Dr. Saber and colleagues examine the longitudinal association between serum leptin levels and incident stroke in older individuals in the Framingham Heart Study.

The authors cite evidence for leptin as having a role in multiple metabolic processes, inflammation and platelet aggregation. It also seems that leptin has been variably associated with MI risk but also protection from coronary disease. Their purpose was to add to the small number of existing, limited studies exploring the relationship between leptin and stroke.

757 patients (mean age 79, 470 women) recruited from 1992 to 1994 were included and followed for incident stroke for up to 10 years. There were 119 strokes, of which 99 were ischemic. Atrial fibrillation was not a well-established stroke risk factor at that time, so baseline vascular risk factor covariates were limited to age, sex, systolic blood pressure, anti-hypertensive therapy, smoking status, diabetes and cardiovascular disease. Dyslipidemia was not included, either.

Multivariate Cox regression tested the relationship between sex-standardized log-leptin levels (to account for right-shifted distribution) and incident stroke. There was no association between baseline leptin and incident stroke or ischemic stroke. In patients with high waist-to-hip ratios, there was an inverse relationship between baseline leptin and stroke risk.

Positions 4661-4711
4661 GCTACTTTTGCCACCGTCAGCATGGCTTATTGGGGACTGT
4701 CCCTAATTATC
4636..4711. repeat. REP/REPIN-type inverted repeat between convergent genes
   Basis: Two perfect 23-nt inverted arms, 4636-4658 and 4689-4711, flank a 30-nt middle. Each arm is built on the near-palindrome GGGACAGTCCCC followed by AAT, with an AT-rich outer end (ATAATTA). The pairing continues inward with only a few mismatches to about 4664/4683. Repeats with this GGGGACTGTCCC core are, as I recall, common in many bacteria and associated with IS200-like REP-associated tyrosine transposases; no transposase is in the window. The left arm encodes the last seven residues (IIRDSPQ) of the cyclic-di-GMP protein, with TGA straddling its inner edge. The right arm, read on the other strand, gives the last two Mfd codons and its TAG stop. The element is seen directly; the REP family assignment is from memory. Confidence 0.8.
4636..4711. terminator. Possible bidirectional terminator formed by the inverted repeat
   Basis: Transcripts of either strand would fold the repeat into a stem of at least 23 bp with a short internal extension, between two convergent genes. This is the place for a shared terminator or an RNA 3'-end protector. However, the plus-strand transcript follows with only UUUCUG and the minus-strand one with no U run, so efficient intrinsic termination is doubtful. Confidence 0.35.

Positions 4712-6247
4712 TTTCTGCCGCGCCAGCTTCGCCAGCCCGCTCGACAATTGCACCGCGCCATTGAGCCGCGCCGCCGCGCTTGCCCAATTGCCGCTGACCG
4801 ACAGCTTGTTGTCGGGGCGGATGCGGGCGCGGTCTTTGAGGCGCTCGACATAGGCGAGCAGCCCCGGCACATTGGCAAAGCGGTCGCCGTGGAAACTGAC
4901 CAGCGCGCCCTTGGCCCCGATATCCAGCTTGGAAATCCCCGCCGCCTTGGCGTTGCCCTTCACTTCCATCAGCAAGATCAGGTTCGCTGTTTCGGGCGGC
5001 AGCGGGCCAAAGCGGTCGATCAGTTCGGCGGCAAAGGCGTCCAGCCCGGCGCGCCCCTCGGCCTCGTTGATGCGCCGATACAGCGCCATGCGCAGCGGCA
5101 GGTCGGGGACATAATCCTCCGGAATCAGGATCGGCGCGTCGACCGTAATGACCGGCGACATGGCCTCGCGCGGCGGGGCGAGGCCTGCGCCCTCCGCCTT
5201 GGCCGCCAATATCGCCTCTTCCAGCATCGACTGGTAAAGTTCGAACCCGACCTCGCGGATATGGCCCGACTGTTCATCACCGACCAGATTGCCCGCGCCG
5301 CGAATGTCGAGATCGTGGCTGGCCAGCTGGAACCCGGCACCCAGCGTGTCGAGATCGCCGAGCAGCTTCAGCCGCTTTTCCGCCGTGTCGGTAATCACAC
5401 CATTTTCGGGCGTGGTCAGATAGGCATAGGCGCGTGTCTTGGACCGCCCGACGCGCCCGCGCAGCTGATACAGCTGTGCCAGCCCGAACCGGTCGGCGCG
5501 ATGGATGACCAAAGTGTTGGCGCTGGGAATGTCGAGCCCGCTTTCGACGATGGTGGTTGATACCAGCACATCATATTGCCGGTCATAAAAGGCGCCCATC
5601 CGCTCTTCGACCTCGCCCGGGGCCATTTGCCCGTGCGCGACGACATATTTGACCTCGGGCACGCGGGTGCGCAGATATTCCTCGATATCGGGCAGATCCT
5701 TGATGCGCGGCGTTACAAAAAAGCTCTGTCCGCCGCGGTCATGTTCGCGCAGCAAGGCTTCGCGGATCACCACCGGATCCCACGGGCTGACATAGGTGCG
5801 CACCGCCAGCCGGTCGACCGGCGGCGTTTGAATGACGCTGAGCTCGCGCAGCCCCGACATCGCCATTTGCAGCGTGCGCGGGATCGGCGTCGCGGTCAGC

Their findings are consistent with two recent prospective studies. As they state, the observed inverse association between leptin and stroke risk in the highest waist-to-hip ratio subjects is intriguing. However, it is challenging to draw any mechanistic or clinical conclusions from this data except that serum leptin does not appear to be associated with stroke risk. Overall, leptin does not seem to be a reliable marker of cardiovascular or cerebrovascular risk.